As a young girl, a topic that excited my friends and I most was the future. We would talk for hours about our dreams and the careers we aimed to pursue. A doctor engineer, or a pilot were among the most desired career paths among my friends. Back then, fields such as photography, filmmaking and design were viewed as hobbies or side ventures and weren’t widely accepted as career paths.
Fast forward to the present day and there’s never been a greater time for creatives in the UAE. The valuable contribution of the creative economy to the gross domestic product is at the heart of the UAE’s strategies for the future and creatives are encouraged to play a role in the country’s growing sector.
Last April, Dubai launched its Creative Economy Strategy, and the UAE’s 10-year National Strategy for the Cultural and Creative Industries – the first in the Arab World – was announced ahead of the World Conference on Creative Economy (WCCE) 2021, which was organised by the UAE's Ministry of Culture and Youth, and held at Expo 2020 last week.
The creative economy is a collective name given to a number of industries, such as media, publishing, visual arts and crafts, cultural heritage and museums and filmmaking, among others.
I was invited by the UAE's Ministry of Culture and Youth to participate as a speaker at WCCE and to reflect on the challenges and opportunities faced by operators in the creative economy. A shared message among fellow speakers was how important it is to support the creative economy now more than ever – the essential role that businesses can have in helping creatives navigate the economy, and build sustainable businesses.
A 2021 study published by Dubai Culture and Arts Authority revealed that the contribution of the cultural and creative industries to Dubai’s GDP increased from 2.6 per cent in 2018 to 2.7 per cent in 2019. The Dubai Creative Economy Strategy aims to increase the number of cultural and creative institutions to 15,000 by 2026, providing 140,000 jobs in various industry within this.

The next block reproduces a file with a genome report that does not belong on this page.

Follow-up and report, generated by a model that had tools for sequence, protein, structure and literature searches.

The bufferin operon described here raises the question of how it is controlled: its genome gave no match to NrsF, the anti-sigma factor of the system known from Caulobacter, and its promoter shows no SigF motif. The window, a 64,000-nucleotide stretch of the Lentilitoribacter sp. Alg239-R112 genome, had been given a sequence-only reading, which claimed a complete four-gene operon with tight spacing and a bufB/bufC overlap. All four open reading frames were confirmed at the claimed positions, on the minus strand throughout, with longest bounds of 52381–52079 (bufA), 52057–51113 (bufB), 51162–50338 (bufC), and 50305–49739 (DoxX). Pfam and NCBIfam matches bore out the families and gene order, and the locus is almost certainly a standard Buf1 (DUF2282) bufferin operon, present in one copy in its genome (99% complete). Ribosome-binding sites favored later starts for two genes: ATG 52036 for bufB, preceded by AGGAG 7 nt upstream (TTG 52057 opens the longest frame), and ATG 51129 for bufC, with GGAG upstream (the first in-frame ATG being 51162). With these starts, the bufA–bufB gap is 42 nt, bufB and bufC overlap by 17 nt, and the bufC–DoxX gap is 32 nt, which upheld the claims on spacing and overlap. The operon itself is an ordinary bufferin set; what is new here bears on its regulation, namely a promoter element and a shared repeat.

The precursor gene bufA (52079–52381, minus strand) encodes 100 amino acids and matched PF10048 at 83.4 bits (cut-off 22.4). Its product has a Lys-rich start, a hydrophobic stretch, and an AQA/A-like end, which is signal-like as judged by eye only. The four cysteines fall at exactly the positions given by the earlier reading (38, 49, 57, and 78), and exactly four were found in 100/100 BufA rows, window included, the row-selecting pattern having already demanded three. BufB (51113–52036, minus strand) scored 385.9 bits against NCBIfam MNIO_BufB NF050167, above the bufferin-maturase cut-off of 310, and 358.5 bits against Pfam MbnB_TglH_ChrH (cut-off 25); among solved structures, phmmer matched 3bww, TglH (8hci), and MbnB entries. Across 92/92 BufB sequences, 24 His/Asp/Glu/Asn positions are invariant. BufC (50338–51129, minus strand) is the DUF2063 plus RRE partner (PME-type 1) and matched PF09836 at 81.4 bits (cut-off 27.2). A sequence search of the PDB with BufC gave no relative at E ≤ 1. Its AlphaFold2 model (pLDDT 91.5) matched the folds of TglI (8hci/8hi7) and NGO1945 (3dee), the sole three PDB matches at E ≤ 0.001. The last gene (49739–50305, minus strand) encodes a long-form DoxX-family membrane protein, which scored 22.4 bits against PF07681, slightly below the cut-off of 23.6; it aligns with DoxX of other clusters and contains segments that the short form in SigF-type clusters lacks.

Nearly 97 per cent of creatives in Dubai are entrepreneurs, said Hala Badri, director general of Dubai Culture and Arts Authority, at WCCE, which indicates the pivotal role entrepreneurs play in the sector.
In the UK, creative industries broke a record in 2017, contributing £101.5 billion ($134.6bn) to the country’s economy. Globally, the creative economy accounts for 3 per cent of the world’s GDP and employs 3 million people.
The role played by businesses is just as essential as governments in helping entrepreneurs in the creative industries to not only launch their start-ups, but to thrive and be sustainable. This role starts with education and knowledge transfer.
Being equipped with the knowledge to operate and thrive in the industry is key to their sustainability. We don’t just want to see more creative entrepreneurs, but we would like to see them manage growing, sustainable businesses. Working with creatives for nearly a decade, I know that simple things such as putting together a portfolio or building a website could enhance creatives’ visibility and attract potential clients.
Businesses and incubators can play a major role in helping equip creatives with the commercial know-how through the provision of mentorships and guidance. This is where governments could partner with business entities and work together on programmes geared towards the development of creatives. Incentives for companies that take part and support the growth of the creative economy could include having certain fees waived and be recognised by the government for their efforts.
This education should also start at a school level, where educational institutions in partnership with businesses could provide workshops and mentorship programmes for students to encourage them to join the creative sector and pursue it as a career.
The creative economy is essential to humanity, as it is the arts and culture that help to inspire great ideas, and give birth to ventures that positively impact our lives. As businesses and entities finalise their plans for next year, I invite them to reflect on the role that they could play with governments to help this sector thrive.
Manar Al Hinai is an award-winning Emirati writer and communications consultant based in Abu Dhabi. Twitter: @manar_alhinai